Saturday, April 17, 2010

Free Software is not about deception, Free Software is about caring for others

   A couple moments ago, I was just tinkering around with Pidgin, the famous free open source IM client. And for the first time ever, I finally stumbled upon an excellent feature that's been staring back at me for quite some time now, but for some reason, I've never cared to know what it is until now. The feature is called "OTR" which stands for "Off The Record messaging".

   And from this link we find that OTR is a feature that provides a way of assuring the privacy of the messages exchanged between a group of people chatting over the internet without taking the risk that some certain private and sensitive parts of their conversation might be exposed to other impostors or parasitic human entities. And it works by using a specific encryption scheme that guarantees the safety of the messages from the reach of outsiders.

   And now this makes me wonder, what if Pidgin was proprietary software? Would its makers still give a damn about whether the users are guaranteed their full privacy and security while using it? Or will it be just another piece of software that's full of deceptive eye-candy from the outside, while the inside (i.e. the under-the-hood stuff) can be as far from security and privacy as east is from the west? The difference between proprietary and free open source software is in the fact that in FOSS, the source code is open and visible to everyone, meaning that if there's anything wrong with the source code, it can be easily detected and fixed. On the other hand, proprietary software keeps the source code visible only to its owners, which means that the owners/developers of a proprietary software can write all the code they want (be it good for the user or not) and nobody will ever know for sure what they wrote because their code is only visible to them, which simply means that they can be spying at every single action done on their software while the user is unaware of anything because A) He can't see the source code. And B) Because he's busy enjoying the deceptive eye-candy of the software (e.g. Nice interface, exciting features, etc.). And a widely known example of that kind of disrespect for the user's privacy is the DRM feature hidden in a wide range of famous proprietary technologies such as Apple's iPod or Amazon's Kindle.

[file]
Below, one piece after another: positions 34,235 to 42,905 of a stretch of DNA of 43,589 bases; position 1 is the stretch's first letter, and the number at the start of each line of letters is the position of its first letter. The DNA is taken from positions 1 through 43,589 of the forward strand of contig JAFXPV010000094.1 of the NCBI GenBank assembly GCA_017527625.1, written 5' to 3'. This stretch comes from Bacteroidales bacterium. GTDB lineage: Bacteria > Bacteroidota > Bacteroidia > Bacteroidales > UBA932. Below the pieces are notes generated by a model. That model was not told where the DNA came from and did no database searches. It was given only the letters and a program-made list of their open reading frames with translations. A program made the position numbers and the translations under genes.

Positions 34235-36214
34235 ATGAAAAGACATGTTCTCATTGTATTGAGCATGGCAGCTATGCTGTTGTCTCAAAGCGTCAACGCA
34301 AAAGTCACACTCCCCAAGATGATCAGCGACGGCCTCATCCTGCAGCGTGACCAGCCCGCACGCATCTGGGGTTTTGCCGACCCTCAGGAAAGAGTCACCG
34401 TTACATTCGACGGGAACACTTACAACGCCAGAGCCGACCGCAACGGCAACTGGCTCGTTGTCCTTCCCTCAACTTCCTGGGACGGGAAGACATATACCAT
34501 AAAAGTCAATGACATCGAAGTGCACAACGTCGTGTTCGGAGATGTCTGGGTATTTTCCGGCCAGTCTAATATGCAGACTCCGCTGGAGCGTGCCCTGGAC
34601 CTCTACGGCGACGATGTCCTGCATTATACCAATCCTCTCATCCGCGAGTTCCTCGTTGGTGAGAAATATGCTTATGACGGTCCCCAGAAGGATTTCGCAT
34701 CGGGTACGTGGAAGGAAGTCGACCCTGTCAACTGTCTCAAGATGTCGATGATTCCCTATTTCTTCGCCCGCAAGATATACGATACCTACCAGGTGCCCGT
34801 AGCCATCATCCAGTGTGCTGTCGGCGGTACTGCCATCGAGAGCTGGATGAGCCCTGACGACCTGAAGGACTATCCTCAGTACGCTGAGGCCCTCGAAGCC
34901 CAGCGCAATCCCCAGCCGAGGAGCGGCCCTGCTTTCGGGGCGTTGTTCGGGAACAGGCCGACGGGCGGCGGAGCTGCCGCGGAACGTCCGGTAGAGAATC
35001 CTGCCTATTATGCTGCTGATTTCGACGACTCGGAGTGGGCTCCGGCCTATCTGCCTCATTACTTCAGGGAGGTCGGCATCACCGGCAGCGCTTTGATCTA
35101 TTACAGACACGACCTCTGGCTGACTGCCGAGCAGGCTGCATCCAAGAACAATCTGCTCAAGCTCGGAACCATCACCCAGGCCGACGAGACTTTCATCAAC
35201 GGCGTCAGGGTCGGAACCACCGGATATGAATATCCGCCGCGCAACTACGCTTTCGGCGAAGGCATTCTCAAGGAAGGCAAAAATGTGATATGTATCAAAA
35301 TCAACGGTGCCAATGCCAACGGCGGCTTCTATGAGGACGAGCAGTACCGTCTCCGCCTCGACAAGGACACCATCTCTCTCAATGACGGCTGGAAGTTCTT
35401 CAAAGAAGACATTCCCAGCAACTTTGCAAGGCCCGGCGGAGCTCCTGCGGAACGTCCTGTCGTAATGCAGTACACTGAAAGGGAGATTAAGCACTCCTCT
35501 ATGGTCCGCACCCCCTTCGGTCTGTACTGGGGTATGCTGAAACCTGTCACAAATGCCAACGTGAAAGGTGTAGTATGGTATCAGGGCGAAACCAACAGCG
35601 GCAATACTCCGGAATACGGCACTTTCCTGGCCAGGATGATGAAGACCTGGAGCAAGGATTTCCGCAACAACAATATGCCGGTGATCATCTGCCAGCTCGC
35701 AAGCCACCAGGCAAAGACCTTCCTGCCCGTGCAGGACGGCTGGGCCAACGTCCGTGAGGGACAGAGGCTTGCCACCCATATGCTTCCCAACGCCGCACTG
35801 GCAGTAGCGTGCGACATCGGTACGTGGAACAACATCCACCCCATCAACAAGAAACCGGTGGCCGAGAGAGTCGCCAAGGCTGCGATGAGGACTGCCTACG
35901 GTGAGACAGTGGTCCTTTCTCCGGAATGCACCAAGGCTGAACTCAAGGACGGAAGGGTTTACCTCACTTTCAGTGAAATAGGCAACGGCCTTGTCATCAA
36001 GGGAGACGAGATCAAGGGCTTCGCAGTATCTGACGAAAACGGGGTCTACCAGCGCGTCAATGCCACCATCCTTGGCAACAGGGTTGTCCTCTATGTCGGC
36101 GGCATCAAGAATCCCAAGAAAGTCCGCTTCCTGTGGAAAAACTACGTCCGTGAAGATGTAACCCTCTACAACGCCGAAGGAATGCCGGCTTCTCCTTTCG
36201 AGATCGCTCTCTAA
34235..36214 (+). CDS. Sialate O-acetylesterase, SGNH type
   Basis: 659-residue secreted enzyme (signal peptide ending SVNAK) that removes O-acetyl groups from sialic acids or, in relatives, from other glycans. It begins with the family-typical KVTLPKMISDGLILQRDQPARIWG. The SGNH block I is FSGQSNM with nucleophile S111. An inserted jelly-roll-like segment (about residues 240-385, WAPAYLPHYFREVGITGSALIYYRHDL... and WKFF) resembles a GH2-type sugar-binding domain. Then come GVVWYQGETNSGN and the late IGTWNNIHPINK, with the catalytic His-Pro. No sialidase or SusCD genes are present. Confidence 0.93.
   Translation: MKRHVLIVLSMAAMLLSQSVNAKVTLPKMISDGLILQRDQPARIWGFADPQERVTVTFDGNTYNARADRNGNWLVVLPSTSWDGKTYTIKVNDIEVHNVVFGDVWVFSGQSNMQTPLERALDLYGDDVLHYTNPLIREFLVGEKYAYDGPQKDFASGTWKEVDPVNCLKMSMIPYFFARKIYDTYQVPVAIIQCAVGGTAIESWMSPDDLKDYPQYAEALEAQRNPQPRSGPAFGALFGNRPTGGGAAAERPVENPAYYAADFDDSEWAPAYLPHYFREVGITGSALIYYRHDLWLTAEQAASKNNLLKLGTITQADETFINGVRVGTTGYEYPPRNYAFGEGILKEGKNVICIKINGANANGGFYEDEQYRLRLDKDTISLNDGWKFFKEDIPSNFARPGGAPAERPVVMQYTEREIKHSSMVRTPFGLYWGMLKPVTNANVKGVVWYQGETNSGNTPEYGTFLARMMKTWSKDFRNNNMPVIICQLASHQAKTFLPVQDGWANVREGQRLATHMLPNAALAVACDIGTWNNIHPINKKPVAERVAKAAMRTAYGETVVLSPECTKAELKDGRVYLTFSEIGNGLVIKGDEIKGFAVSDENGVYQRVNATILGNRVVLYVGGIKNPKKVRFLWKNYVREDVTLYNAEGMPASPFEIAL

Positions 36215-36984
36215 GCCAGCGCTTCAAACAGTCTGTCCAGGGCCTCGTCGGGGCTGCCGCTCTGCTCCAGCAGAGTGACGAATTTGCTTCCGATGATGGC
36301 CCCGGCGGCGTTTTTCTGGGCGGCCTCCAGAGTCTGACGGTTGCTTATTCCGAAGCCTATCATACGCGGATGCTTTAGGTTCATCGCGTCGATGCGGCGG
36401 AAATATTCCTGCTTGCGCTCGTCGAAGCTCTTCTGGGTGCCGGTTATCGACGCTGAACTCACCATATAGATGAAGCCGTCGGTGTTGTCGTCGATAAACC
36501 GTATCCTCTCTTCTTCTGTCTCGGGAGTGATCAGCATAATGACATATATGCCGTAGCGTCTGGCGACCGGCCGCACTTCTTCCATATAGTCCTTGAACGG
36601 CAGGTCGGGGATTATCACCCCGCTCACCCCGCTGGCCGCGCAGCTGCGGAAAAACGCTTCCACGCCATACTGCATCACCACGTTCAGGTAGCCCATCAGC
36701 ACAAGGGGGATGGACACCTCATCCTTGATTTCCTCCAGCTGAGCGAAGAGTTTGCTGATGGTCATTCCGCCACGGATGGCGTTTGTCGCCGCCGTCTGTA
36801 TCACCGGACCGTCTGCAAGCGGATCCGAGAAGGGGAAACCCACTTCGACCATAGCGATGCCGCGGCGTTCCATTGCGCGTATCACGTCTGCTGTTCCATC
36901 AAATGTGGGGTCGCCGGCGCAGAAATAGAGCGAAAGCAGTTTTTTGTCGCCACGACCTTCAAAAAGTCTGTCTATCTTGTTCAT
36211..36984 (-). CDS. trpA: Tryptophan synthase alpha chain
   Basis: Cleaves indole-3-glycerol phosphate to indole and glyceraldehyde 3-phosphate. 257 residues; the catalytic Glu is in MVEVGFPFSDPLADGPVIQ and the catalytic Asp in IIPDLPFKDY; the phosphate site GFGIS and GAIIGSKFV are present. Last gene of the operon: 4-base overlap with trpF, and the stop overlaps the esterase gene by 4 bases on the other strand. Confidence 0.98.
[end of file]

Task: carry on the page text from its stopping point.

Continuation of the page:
Now, if we ponder this issue a little bit, and ask ourselves this question: Why do we find most FOSS projects much more respectful to the user's rights of privacy and security than their proprietary counterparts? We can even find a number of FOSS projects that not only respect the user's privacy, but are actually dedicated to providing the user with a safe, secure, private and anonymous networking environment. Such projects include the Tor project, and the famous web site In fact, during a conference about web anonymity in Jordan last year, Jacob Appelbaum from the Tor project clearly stated: “If protecting people's rights of privacy and anonymity would get me jailed, then I'm fine with it.” *

But now on the other hand, another question comes in:

Are Microsoft's Most Valuable [Hypocrites] ready to sacrifice everything if it was the only way to protect the Windows users' rights of privacy and anonymity as well? Are they willing to say the truth, the whole truth and nothing but the truth about the nefarious doings of the company they're advocating, regardless of the consequences?

For example, what is it that makes this gentle man at PCWorld lie deliberately and blatantly, claiming that “Microsoft takes the security issue more seriously than Apple does”?

From the way I see it, Microsoft's advocates are just too drunk to think honestly about their actions, for all these people have in mind is money, as it is the main and only thing that drives them.

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